He looked back up at Elliot, and said, “Now she’s watching me again. I should have known this was coming. Her lips showed up in the storeroom about three months ago, and they haven’t shut up since. They’re all ‘Why don’t you ever call me anymore, Stanley? Why did you throw out my belongings, Stanley? Why are you left-handed, Stanley?’ Here, let me show you.”
Stanley crouched down, and began rifling through one of the drawers behind the concession stand.
“Where are those lips?” he mumbled, as he searched. “They haven’t shut up for months, and now they’re keeping quiet?”
Elliot looked at the eyeball. A thin layer of skin slid over it from somewhere on its far side and then retreated. It had just winked at him.
When the audience for the 9:25 show had settled, Elliot swept the stairs, gave the restrooms a once-over, and avoided eye contact with Stanley as he restocked the concessions.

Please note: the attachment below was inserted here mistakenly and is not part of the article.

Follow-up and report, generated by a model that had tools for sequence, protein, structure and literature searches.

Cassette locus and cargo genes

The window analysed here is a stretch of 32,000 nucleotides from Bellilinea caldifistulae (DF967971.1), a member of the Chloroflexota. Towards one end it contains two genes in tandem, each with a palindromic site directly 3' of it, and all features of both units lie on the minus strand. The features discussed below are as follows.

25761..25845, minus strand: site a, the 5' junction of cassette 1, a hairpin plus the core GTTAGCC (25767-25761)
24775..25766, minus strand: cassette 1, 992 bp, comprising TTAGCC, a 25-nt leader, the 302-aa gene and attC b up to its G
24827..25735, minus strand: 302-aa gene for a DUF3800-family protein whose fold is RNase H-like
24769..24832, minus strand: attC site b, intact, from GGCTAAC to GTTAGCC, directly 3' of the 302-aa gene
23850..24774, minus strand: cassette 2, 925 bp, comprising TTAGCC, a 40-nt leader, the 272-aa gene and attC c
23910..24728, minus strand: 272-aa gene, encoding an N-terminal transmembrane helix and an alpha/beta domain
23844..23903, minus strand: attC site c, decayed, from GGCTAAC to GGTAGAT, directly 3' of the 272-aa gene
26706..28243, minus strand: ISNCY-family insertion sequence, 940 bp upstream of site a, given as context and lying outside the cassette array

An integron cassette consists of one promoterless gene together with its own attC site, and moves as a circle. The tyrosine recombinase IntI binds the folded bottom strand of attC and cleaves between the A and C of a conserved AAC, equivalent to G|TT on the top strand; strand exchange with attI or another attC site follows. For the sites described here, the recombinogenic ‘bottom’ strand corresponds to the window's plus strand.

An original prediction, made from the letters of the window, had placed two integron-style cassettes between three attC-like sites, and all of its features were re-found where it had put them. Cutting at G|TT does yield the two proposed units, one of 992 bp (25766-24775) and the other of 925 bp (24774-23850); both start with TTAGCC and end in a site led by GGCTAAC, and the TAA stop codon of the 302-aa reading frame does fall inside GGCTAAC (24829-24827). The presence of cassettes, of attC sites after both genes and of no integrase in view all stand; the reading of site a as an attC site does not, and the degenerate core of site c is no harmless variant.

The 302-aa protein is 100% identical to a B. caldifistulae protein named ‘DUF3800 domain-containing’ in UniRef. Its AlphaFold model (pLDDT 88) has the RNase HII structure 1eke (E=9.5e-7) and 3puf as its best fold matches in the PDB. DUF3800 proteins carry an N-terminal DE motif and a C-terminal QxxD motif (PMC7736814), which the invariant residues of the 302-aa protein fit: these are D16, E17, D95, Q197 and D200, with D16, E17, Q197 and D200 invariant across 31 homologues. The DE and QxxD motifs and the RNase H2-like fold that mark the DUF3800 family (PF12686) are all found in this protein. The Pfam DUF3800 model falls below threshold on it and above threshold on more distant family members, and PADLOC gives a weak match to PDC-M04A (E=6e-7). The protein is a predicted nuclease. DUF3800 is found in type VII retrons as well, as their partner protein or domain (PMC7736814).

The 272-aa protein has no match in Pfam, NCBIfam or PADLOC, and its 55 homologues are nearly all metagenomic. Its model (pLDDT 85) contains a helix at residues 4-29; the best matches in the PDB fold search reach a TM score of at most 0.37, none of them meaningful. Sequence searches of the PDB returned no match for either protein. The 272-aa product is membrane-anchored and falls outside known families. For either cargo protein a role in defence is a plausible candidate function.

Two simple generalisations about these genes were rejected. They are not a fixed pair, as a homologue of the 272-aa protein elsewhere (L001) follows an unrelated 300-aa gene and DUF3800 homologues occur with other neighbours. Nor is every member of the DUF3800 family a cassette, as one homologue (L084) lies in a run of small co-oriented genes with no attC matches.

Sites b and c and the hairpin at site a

“Alright if I take off now?” Elliot asked Stanley, when his close-up tasks were done.
“Yeah. Get out of here,” the manager grunted.
Elliot noticed that the plastic-bagged eyeball was still sitting on the concessions counter, and wondered whether it had affected candy sales with the late crowd. Shrugging off the whole event, he left without another word.
It was almost Halloween and Elliot was sure there was some rational explanation – aside from Stanley’s – for the abandoned body part. Then again, “rational” and “Stanley” were words rarely spoken together by people who knew the man.
Elliot tightened the scarf around his neck and jammed his hands down into his pockets. Before long it would be winter, good and proper. Even the five-block walk to the Applejack Diner would soon become a battle of wills.
Pushing a shoulder into the swing door, Elliot walked into the diner and slumped into a booth.
“Coffee tonight, El?” asked Anna, already pouring him a cup.
“Yeah, thank you. And some fries.”
“Fries aren’t dinner. You don’t eat. Why don’t I get you a chicken potpie? They’re fresh from this morning.”
“Okay. Yeah, sure. I’ll take a chicken pie. And the fries, okay?”